Saturday, May 06, 2006
Some women inherit serious problems when they go through puberty. I started taking birth control when I was in high school, not because I was sexually active but because of terrible pain. Often doctors will use a birth control pill to regulate problems with menstrual cycles. Luckily, this worked for me.
People may not know this, but birth control pills are often used to treat a variety of non-family planning issues: Endometriosis (prolonged and painful bleeding) or Polycystic Ovarian Syndrome-- my friend who has PCOS takes the pill because otherwise her uterus does not shed the lining, she has no cycle and she can become very ill. Some women even take low dose progesterone-only pills to regulate a period if they are in sports and want lighter, easier to manage/schedule cycles. Some people take it to clear up acne!
Recently a conversation with a friend of mine (we'll call her Nora) made me think about what pro-choice really means.
Nora was telling me recently about an experience she had with a hospital. I love and respect this girl but we are very different. She is conservative and has deep religious beliefs about contraception. When she went to the hospital with debilitating cramps and complained of feeling weak and sick during her menstrual cycle, her doctor gave her the pill. Nora, desperate for a better quality of life, decided to try it but unfortunately it didn't work for her. This is a setback because the pill would often be used to clear up a problem like this.
When Nora went back in to explain to the nurse that she needed more options, the issue of birth control itself came up. Nora was asked if she objected to using birth control. She was honest, and answered, "Yes, I am Catholic. I want to use natural family planning and I don't think this is right in case it could interfere with a possible pregnancy."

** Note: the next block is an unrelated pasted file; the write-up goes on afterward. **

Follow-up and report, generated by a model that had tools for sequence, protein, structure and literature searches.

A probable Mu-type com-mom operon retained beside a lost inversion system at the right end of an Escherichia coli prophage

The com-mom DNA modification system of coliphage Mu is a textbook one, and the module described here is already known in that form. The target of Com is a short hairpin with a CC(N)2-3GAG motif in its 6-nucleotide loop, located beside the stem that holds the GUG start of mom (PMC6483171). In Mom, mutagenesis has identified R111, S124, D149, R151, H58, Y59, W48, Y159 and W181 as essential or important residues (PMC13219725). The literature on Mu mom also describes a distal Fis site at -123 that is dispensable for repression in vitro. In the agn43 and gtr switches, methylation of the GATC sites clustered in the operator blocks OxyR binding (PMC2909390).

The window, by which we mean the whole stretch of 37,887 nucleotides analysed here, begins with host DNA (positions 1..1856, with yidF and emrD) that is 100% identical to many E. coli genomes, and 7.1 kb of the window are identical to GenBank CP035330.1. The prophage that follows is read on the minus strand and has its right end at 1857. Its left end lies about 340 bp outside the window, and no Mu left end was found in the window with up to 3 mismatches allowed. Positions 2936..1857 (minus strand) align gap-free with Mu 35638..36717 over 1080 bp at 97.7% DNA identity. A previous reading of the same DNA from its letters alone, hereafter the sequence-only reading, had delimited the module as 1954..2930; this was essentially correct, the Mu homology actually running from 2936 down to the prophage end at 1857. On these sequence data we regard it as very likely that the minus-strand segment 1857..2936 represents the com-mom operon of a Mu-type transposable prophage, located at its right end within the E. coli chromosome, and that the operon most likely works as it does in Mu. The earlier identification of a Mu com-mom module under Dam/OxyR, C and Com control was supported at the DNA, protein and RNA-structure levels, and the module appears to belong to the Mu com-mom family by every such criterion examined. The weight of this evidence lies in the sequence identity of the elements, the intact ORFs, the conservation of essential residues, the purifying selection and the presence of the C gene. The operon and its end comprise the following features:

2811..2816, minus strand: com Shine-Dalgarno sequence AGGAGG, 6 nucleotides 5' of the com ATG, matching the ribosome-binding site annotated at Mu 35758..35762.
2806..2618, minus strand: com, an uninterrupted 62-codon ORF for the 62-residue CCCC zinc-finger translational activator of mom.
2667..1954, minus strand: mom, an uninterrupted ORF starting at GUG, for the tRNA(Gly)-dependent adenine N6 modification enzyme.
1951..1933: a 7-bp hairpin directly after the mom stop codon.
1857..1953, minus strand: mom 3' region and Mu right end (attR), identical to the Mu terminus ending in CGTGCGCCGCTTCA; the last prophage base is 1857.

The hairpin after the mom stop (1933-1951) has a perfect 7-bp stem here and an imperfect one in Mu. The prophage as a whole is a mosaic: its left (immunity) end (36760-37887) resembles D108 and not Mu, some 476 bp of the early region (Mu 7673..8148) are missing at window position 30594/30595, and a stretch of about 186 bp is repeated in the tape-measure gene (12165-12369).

At this, the nurse became very haughty saying, "You need to get over this and take care of your body." When Nora explained that she had been on the pill for several years with no results the nurse cut her off saying, "Look, this is what works for women. You need to push these ideas out of your head. There is nothing wrong with taking the pill."
This upsets me because if you are really pro-choice then you understand that EVERYONE gets a chioce.
If a woman comes to a hospital and doesn't want to take birth control, you cannot push that on her and give her a lecture. It is her choice what she puts into her body, especially if it's a chemical hormone that could control pregnancy options and she objects to that morally.
Not only that, but this shows an inadequate hospital staff. Moral beliefs aside, the pill was clearly not working to solve Nora's medical problems anyway.
When I hear things like this, I get frustrated. Medicine needs to offer options to women like Nora, who didn't want to take a birth control pill but still needs help managing complications in her reproductive organs.
Pro-choice goes both ways. Just as I don't want a pharmacist refusing my pills or a doctor lecturing me on taking the pill, Nora shouldn't be lectured for her beliefs either.